The compulsory adoption and implementation of international, state, professional and de facto standards have a significant and fundamental role in standardizing database construction in Western China and for raising its quality and level. Compulsory adoption can avoid the occurrence of repeated construction caused by incompatibility and can reduce production costs and lay the foundations for data interchange and exchange between libraries and countries in the future. Along with the continually changing technological revolutions and innovations, new standards and criteria will also be generated and established. Therefore, all aspects of literature digitization, network design, system integration, software and hardware configuration should be done in strict and standard ways, and adequate margin and space should be left for expanding and updating in the future.
Requirements for Expansion and Appraisal
Special literature databases are the important parts forming the general databases. Their functional modules have a direct interface with database users, and their kernel data table spaces and data files should have very strong expansion capabilities. In the database programmatic construct, adequate consideration should be taken for database space planning and database management flexibility. Rational configuration of the user schema, data types, data integrity and data dictionaries will be very important to future effective database management.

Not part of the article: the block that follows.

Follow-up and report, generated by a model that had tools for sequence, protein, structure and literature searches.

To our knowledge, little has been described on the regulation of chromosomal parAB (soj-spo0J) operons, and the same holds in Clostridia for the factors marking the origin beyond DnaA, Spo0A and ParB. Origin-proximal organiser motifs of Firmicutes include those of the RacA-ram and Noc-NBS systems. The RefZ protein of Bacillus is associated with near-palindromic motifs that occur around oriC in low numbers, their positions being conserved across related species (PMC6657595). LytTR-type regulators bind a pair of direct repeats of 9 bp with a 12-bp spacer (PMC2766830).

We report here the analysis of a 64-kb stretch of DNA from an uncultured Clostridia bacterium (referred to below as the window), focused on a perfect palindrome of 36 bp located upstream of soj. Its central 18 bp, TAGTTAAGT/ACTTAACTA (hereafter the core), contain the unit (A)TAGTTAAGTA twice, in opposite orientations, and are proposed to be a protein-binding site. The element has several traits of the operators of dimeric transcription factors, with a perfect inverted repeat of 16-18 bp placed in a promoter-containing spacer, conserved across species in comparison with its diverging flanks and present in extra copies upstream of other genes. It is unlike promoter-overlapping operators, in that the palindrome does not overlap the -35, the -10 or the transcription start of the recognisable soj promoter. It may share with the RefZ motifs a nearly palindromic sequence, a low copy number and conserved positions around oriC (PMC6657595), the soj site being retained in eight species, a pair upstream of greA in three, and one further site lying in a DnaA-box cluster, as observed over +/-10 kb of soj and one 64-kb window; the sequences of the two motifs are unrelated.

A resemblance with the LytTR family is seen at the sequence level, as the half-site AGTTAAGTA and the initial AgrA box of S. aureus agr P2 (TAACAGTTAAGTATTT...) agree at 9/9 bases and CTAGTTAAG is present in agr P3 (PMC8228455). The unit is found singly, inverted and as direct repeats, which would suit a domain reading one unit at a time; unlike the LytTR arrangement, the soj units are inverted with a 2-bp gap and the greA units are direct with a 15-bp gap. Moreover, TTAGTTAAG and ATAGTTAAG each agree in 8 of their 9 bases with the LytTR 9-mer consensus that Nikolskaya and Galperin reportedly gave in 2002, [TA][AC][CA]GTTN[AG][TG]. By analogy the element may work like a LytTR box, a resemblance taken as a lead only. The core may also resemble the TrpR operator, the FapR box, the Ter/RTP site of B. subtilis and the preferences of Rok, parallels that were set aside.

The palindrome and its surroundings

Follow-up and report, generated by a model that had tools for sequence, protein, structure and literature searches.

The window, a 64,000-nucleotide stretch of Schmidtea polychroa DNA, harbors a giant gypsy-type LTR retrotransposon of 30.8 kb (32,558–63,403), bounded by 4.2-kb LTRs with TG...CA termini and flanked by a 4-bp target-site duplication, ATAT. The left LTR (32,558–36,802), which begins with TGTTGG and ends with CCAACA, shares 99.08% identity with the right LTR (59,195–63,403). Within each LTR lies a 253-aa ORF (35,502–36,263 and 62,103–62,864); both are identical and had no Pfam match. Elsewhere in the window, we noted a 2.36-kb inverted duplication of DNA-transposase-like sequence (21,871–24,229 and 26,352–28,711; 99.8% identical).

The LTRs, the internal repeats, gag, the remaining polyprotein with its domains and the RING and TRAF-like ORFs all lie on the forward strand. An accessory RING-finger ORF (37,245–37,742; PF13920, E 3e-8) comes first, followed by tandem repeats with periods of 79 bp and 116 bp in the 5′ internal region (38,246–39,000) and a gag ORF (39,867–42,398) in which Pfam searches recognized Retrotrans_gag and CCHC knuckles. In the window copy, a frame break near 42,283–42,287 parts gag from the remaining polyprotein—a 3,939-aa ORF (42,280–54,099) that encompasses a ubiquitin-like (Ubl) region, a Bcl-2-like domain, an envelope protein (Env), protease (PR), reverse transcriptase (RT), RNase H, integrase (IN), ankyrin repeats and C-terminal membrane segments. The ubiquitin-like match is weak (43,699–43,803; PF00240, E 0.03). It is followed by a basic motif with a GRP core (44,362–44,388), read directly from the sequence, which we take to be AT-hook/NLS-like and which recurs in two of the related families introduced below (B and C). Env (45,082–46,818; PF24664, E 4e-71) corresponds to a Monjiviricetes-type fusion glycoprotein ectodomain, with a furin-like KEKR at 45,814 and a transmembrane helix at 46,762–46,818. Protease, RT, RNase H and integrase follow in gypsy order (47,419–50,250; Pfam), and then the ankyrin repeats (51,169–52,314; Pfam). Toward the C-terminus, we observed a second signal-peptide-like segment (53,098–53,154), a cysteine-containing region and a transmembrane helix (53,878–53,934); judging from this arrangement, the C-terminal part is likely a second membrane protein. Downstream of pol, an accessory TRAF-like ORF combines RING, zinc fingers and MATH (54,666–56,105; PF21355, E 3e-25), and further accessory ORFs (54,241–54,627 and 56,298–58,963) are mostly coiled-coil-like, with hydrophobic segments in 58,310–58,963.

After the digitization of the literatures and their protogenic cultural resources, the final products will be put out in the form of networked databases. There is no significant difference between these databases and other information systems in respect to the standards for assessing them. All require powerful capabilities, operational stability, efficient system resource use, the ability to run on various operating system platforms, open source codes and promptness in updating. The databases are created for use, after all, so they must also demonstrate very good retrievability and usability.
Distributions of the Special Databases
Generally, each digital product has two choices for its final safekeeping. The first approach is centralized management as in the case of the All-China Higher Education Literature Resource Guarantee System. The second is the distributed management approach. Each member library is itself the product storage place, and it uses the networks to complete interconnection and data sharing. The limitation of this mode is that, due to the unbalanced local software and hardware basis, some libraries’ choice of the raw material for their databases and their implementation of specifications and processing may not be of satisfactory quality. The centralized management approach is just the opposite of the distributed management mode in terms of the nature, advantages and disadvantages.